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Coriander (or cilantro) is considered both an herb and a spice since both its leaves and its seeds are used as a seasoning condiment. Fresh coriander leaves are more commonly known as cilantro and bear a strong resemblance to Italian flat leaf parsley. This is not surprising owing to the fact that they belong to the same plant family (Umbelliferae). The fruit of the coriander plant contains two seeds which, when dried, are the parts that are used as the dried spice.

Standard Cilantro

Since it is highly perishable, fresh coriander should always be stored in the refrigerator. Wrap the coriander leaves in a damp cloth or paper towel and place them in a plastic bag.

We also grow a variety of cilantro called Delfino. Delfino is an aromatic, edible herb, and unlike other coriander has unique, fine fern-like foliage. The leaf flavor is similar to a strong parsley taste with citrus. The fine 'Delfino' foliage is perfect for recipes, such as salsas, requiring finely chopped leaves. Less chopping is needed.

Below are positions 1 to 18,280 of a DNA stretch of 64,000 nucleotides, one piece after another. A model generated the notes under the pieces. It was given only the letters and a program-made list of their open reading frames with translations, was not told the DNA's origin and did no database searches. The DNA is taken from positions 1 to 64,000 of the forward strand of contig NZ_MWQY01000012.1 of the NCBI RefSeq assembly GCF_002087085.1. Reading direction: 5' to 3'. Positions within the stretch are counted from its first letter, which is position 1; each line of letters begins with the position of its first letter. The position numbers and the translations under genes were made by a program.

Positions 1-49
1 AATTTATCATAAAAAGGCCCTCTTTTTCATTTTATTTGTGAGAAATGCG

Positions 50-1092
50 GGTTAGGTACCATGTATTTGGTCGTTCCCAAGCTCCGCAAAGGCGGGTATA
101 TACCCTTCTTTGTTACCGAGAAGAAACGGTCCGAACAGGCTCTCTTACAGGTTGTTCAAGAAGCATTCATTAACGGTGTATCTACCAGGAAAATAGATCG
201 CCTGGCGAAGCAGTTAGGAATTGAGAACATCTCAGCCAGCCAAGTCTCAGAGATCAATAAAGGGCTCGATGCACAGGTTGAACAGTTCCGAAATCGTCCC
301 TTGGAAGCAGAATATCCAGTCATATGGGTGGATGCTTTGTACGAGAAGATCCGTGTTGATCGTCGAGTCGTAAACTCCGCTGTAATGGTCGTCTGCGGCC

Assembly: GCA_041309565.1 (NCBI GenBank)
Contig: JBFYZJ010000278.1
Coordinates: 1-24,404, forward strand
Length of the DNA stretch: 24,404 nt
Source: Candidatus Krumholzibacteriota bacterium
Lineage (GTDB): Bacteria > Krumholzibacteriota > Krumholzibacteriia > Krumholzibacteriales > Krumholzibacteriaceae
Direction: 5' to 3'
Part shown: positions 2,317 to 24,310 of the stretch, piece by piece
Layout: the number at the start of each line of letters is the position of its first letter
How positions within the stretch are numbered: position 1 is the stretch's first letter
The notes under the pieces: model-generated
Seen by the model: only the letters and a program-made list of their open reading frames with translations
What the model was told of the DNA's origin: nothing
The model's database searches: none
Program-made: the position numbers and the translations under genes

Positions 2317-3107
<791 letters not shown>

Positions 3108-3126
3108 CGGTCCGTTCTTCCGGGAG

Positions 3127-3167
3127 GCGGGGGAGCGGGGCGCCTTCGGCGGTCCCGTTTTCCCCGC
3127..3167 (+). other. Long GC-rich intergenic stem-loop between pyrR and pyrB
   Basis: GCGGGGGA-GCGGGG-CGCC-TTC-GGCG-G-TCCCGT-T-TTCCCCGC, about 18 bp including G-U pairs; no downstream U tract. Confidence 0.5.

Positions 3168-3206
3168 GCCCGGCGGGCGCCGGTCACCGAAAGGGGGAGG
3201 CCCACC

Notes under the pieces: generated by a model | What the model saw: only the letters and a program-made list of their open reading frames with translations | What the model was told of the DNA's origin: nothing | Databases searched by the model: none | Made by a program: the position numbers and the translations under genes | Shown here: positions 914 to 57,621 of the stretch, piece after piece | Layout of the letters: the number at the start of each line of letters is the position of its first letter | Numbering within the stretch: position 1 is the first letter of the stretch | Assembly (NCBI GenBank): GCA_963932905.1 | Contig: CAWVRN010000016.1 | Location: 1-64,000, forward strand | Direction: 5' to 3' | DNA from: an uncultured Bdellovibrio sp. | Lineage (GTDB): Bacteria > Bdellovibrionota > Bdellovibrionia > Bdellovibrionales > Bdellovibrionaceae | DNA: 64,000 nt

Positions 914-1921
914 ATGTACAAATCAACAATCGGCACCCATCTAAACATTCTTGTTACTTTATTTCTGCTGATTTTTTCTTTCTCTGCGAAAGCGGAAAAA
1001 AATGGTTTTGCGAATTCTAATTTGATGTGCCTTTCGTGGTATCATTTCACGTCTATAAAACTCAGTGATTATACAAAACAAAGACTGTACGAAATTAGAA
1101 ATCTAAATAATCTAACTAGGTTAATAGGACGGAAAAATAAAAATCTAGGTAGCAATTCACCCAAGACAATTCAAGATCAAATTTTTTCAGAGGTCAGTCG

Delfino Cilantro 

Betty's Savory Cilantro Rice Recipe

Betty's Savory Cilantro Rice Recipe

Cilantro Lime Rice Recipe 

Cilantro Lime Rice Recipe

by Aspen Lee-Moulden 

This is a really easy recipe and can be adjusted to your taste. I really didn't measure anything, just kept adding and tasting until it was to my liking. If you like Chipotle's rice, you'll love this too.

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Fresh Cilantro Pesto Recipe

Fresh Cilantro Pesto Recipe

by Melanie Yunk 

Since most of my recipes use only a few sprigs of cilantro, I decided to make a pesto using the rest of the bunch. You can use this sauce on fish, chicken or try it on a pizza or in a taco! Add a little white wine vinegar to make a delicious salad dressing too!

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Mexican Cole Slaw with Lime and Cilantro Recipe

Mexican Cole Slaw with Lime and Cilantro Recipe

by John Spottiswood 

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